CRITIQUED: CAPTAIN PHILLIPS

Over the last six years, Oscar has chosen nonfiction adaptations as Best Picture contenders, and 2014 is no different with 5 films in the category inspired by true events. One such film is Captain Phillips, the story of the 2009 hijacking of a U.S. cargo ship off the coast of Somalia by native pirates. The film, starring Tom Hanks as the titular character, was directed by Paul Greengrass (Bourne SupremacyBourne UltimatumUnited 93) and features newcomer Barkhad Abdi as the pirate leader Muse.
Watching this film you are reminded of past films with American political undertones like Zero Dark ThirtyAct of Valor and most recently Lone Survivor, preying on the sensibilities of the viewer and the opportunity for the “rah-rah” American pride propaganda vehicle to run roughshod, but Phillips quickly changes course, focuses the attention on the Somali plight, and the pirates’ motivation for doing what they do. This brings a very solid balance to the film, and even though you don’t want to root for the “bad guys” you can’t help but feel a bit sympathetic to the inspiration behind the attacks. Forced or not, the film brings to light the old adage of there being three sides to every story: yours, theirs, and the truth.

 

Greengrass’ direction isn’t without its flaws, however, and the most glaring detractor from this film is its length. There were a few moments that left viewers shrugging their shoulders wondering why this particular scene was so long or even there at all. It’s almost as if Phillips force-fed the drama in certain spots, instead of letting the story be told organically. But if anyone can evoke emotion out of an audience by using very little, it’s Tom Hanks. Greengrass could have shortened the film by about 15 minutes, more or less. However, the moments of tension from the cat-and-mouse approach of the pirate boat versus cargo ship and the crew members avoiding capture to the rescue of hostage Phillips was very palpable and paced beautifully. Even with the lengthy run time, Captain Phillips kept you on the edge of your seat.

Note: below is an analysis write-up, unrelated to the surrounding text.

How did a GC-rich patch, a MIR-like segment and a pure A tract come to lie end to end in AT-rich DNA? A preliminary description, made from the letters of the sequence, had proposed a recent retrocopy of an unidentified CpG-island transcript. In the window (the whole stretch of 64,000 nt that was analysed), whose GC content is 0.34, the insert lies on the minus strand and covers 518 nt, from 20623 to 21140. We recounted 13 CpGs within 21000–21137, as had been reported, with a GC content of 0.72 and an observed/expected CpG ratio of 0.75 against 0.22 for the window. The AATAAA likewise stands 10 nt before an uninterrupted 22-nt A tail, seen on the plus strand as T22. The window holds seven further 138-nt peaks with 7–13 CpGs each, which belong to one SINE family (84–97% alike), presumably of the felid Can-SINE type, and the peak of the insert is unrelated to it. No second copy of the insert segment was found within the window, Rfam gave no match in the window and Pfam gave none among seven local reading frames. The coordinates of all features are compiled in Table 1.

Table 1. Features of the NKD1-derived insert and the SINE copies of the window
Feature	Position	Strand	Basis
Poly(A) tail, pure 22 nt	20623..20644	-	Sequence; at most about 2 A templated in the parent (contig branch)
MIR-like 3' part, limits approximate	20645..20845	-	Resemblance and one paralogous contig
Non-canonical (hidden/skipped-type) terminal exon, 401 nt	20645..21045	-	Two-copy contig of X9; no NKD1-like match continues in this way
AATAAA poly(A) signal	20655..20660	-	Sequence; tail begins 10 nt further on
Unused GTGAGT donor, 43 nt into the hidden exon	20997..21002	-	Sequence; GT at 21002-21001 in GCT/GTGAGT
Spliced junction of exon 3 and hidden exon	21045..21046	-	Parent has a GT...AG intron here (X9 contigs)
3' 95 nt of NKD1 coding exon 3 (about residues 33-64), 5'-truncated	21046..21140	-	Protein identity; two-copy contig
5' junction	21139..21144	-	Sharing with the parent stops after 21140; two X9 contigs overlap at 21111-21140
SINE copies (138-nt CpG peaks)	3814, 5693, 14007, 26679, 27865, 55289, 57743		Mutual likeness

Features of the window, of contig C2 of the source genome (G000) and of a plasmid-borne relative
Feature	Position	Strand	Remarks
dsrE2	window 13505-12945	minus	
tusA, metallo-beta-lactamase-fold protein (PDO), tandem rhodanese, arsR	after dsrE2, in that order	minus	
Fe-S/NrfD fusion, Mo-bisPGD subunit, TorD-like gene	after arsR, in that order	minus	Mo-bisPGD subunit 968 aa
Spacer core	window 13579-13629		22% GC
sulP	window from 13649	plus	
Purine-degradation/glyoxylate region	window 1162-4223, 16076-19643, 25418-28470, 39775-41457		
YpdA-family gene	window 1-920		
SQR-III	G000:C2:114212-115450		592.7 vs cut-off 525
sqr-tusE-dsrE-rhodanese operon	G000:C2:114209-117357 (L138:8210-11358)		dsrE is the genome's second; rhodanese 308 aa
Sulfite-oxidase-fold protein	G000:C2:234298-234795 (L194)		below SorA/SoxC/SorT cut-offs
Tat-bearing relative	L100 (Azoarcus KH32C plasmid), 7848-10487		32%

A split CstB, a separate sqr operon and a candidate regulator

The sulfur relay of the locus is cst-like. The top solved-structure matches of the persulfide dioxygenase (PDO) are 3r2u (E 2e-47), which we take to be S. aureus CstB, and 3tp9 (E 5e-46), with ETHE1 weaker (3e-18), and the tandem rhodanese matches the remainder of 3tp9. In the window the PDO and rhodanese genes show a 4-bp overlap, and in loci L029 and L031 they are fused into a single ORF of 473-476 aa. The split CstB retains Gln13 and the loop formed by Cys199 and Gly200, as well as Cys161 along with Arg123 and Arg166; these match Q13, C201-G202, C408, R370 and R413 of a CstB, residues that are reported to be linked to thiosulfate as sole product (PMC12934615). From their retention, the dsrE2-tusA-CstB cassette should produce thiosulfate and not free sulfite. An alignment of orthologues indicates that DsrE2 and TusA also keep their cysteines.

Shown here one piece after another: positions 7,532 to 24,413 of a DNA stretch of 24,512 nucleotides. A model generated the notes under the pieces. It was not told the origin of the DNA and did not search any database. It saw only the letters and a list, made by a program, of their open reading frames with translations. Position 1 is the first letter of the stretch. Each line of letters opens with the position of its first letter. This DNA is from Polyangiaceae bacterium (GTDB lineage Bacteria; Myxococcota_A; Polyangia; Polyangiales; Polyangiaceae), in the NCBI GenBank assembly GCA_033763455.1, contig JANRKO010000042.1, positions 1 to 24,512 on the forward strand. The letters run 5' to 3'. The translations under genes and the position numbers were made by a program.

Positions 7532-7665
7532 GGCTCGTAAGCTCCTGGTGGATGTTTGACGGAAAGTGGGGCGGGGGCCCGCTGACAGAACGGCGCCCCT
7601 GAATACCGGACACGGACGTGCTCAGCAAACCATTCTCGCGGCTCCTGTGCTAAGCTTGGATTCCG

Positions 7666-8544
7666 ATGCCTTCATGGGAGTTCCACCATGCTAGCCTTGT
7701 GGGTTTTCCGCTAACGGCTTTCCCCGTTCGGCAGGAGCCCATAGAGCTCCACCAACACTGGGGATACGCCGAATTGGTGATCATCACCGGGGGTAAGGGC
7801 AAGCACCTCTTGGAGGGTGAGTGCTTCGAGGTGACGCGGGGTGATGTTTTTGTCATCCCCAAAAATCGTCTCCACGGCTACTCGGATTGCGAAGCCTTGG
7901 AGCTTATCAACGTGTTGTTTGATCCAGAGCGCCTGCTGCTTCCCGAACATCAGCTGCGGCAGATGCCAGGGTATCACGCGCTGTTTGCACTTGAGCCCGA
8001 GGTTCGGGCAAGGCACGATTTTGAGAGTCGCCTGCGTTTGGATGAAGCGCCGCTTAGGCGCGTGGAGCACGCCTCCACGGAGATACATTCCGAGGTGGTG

People have come to know Tom Hanks as the true professional actor, and in this film he shows nothing short of brilliance, but the movie clearly belongs to newcomer Barkhad Abdi. It has been well documented that Abdi had no formal acting credentials before Captain Phillips, and it’s very hard to believe because he truly steals every scene he’s in, including those with Hanks. He has a presence on-screen that both terrified you and intrigued you, which made completely despising him impossible. The film explored the motivations of man and how far one is willing to go to survive, and the journeys both characters took were as varied as they were fascinating. Abdi’s nomination for Best Supporting Actor is well deserved and it is with hope that it helps springboard his career into the stratosphere.
Captain Phillips, courtesy scriptshadow.net
 
Captain Phillips is out now on DVD and Blu-ray.

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